Even the movies have their share of crappy rock groups.
The Pinheads, Back to the Future
Before he drove a plutonium-powered sports car into the 1950s (and eventually into therapy over his teenage mother's seduction of him), orange-vested time traveler Marty McFly was your typical 1980s California youth: playing sub-standard Huey Lewis covers as the lead guitarist of a rock band, The Pinheads. Rather than writing their own songs, the Pinheads choose to awkwardly inject existing hits with Van Halen-esque guitar solos while violently kicking over amplifiers. McFly introduces these sounds to 1955 with a Halen-like tribute to "Johnny B. Goode," making him essentially responsible for the eventual rise of glam metal.
Max Rebo Band, Return of the Jedi
If Jabba the Hutt's Tatooine palace is your typical sleazy nightclub, the Max Rebo Band is the depressing blues group headlining five nights a week in exchange for forgiveness of their gambling debts, their lives, and free Bud Lights. The group, most likely composed of rejects from the jazzy Cantina Band at the planet's slightly more dignified Mos Eisley Spaceport, is headlined by an obese blue aardvark-like creature, much like Meat Loaf's ensemble.
The Country Bears, The Country Bears
The Country Bears are a folk group of giant, talking, anthropomorphic grizzlies making them as terrifying as most other country music bands. In a film creepy even by Muppet standards, the Bears reunite after a 10-year hiatus to spread the nightmares caused by their Disneyland attraction to the greater United States. Part Eagles, part Three Dog Night, part carnivorous beasts, the Country Bears' authentic bluegrass sound draws country lovers nationwide close enough for the bloodthirsty animals to maul enough man flesh for the long, cold winter.
Mick Jagged and the Stones, The Flintstones in Viva Rock Vegas
Among other unforgivable acts, the sequel to 1994s live-action Flintstones film introduced a prehistoric incarnation of The Rolling Stones. Continuing the creative tradition of earlier Flintstone incarnations, Mick Jagged and the Stones subscribe to the brilliant habit of adding the prefix "rock-" or suffix "-stone" before every last fucking parody that appears on its screen. As headliners at the Tardust Casino of Rock Vegas (along with acts like Stony Bennett and Frank Stoneatra), Mick Jagged and the Stones achieve the impossible by making viewers nostalgic for the first Flintstones movie.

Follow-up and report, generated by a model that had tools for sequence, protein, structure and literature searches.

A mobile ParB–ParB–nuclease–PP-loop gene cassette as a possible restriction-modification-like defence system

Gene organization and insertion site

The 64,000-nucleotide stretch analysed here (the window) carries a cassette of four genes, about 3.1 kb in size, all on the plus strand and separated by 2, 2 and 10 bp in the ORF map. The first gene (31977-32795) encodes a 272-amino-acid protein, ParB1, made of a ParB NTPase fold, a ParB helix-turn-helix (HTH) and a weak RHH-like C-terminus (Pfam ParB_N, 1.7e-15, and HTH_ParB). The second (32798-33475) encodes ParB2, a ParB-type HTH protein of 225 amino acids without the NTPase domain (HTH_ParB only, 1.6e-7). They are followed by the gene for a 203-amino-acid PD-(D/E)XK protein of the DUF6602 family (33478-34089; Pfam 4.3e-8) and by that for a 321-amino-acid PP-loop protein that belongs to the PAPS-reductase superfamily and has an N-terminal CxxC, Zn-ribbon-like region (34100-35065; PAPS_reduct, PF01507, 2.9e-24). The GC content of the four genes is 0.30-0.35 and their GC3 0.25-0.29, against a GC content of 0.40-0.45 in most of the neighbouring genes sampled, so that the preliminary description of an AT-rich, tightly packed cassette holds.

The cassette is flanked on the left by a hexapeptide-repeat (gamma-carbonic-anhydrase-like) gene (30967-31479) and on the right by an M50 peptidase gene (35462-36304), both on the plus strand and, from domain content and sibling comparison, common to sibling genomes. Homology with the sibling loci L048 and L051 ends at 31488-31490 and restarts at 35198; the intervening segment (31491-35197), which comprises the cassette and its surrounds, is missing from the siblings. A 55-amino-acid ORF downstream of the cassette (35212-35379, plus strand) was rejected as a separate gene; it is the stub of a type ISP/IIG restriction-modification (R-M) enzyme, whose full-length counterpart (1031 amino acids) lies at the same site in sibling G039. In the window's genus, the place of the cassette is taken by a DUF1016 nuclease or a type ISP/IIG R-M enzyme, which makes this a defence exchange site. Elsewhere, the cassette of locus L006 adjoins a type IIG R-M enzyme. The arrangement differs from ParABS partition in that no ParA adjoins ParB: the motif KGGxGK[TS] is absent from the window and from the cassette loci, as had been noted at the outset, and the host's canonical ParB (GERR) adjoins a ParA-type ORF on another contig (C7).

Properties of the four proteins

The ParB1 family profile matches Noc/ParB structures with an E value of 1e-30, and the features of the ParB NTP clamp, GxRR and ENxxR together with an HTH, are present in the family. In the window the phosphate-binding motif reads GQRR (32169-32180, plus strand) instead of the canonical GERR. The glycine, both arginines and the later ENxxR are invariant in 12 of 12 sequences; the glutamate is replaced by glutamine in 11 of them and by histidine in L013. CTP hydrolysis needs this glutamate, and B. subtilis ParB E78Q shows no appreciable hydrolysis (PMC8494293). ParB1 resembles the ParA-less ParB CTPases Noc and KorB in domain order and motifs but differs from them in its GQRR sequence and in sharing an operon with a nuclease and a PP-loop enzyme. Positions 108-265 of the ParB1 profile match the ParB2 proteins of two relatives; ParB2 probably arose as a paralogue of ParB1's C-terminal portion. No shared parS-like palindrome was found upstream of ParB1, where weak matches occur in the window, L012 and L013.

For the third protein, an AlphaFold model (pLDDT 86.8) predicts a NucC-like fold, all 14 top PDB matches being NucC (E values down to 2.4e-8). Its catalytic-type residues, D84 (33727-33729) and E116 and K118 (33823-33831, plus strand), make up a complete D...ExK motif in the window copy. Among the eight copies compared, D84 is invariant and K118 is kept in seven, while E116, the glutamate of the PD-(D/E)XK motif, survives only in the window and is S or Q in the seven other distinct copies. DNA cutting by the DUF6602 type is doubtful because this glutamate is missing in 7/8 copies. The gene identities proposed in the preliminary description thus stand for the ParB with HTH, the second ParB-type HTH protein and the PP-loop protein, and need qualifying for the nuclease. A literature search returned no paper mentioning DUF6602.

The Monkees, The Monkees
Though the Baby Boomers like to claim that the late '60s were the musical equivalent to Christ's Second Coming, Mom and Dad will never live down The Monkees, an NBC-created rock quartet whose slap-stick televised antics and lack of musical virtuosity made the band's name eminently appropriate. The Monkees recorded actual songs, and sold actual albums, which I suppose makes them an actual band. But it's tough to consider authentic any musical group whose day job consists of running around in Benny Hill-style fast motion for the 30 televised minutes a week following Gilligan's Island.
Wyld Stallyns, Bill and Ted's Excellent Adventure, Bill and Ted's Bogus Journey
Apparently Marty McFly didn't satsify America's desire for West Coast time-traveling teenage rock musicians from the 1980s. According to a 27th-century George Carlin (which, given the comedian's current age, is becoming increasingly probable) California's Wyld Stallyns, ed by Ted "Theodore" Logan and Bill S. Preston, leads humanity to a utopian future in which nobody fights and everybody wears weird white shoulder pads. A reasonable enough prediction, until we finally hear the band perform. More KISS than Bono, Wyld Stallyns relies on glitzy stage performances from the Grim Reaper and robotic versions of themselves. If listening to Keanu Reeves sing is mankind's only means of salvation, I say "bring on the apocalypse!"
Dr. Teeth and the Electric Mayhem, The Muppet Movie
Kids need to learn about psychotropic drugs at some point, but five stoned puppets thrashing psychedelic rock in an abandoned building may not be the most constructive way to introduce them to the mind-bending effects of LSD. Though every member of Dr. Teeth and the Electric Mayhem appears to dabble in pharmaceutical "consciousness expansion," each musician is uniquely baked: Dr. Teeth's bloodshot eyes are perpetually half-closed, guitarist Janice speaks in a sedated, Valley girl accent, and Animal, the testosterone-fueled drummer who makes Johnny Rotten look like a folk singer, is in all likelihood a regular user of PCP.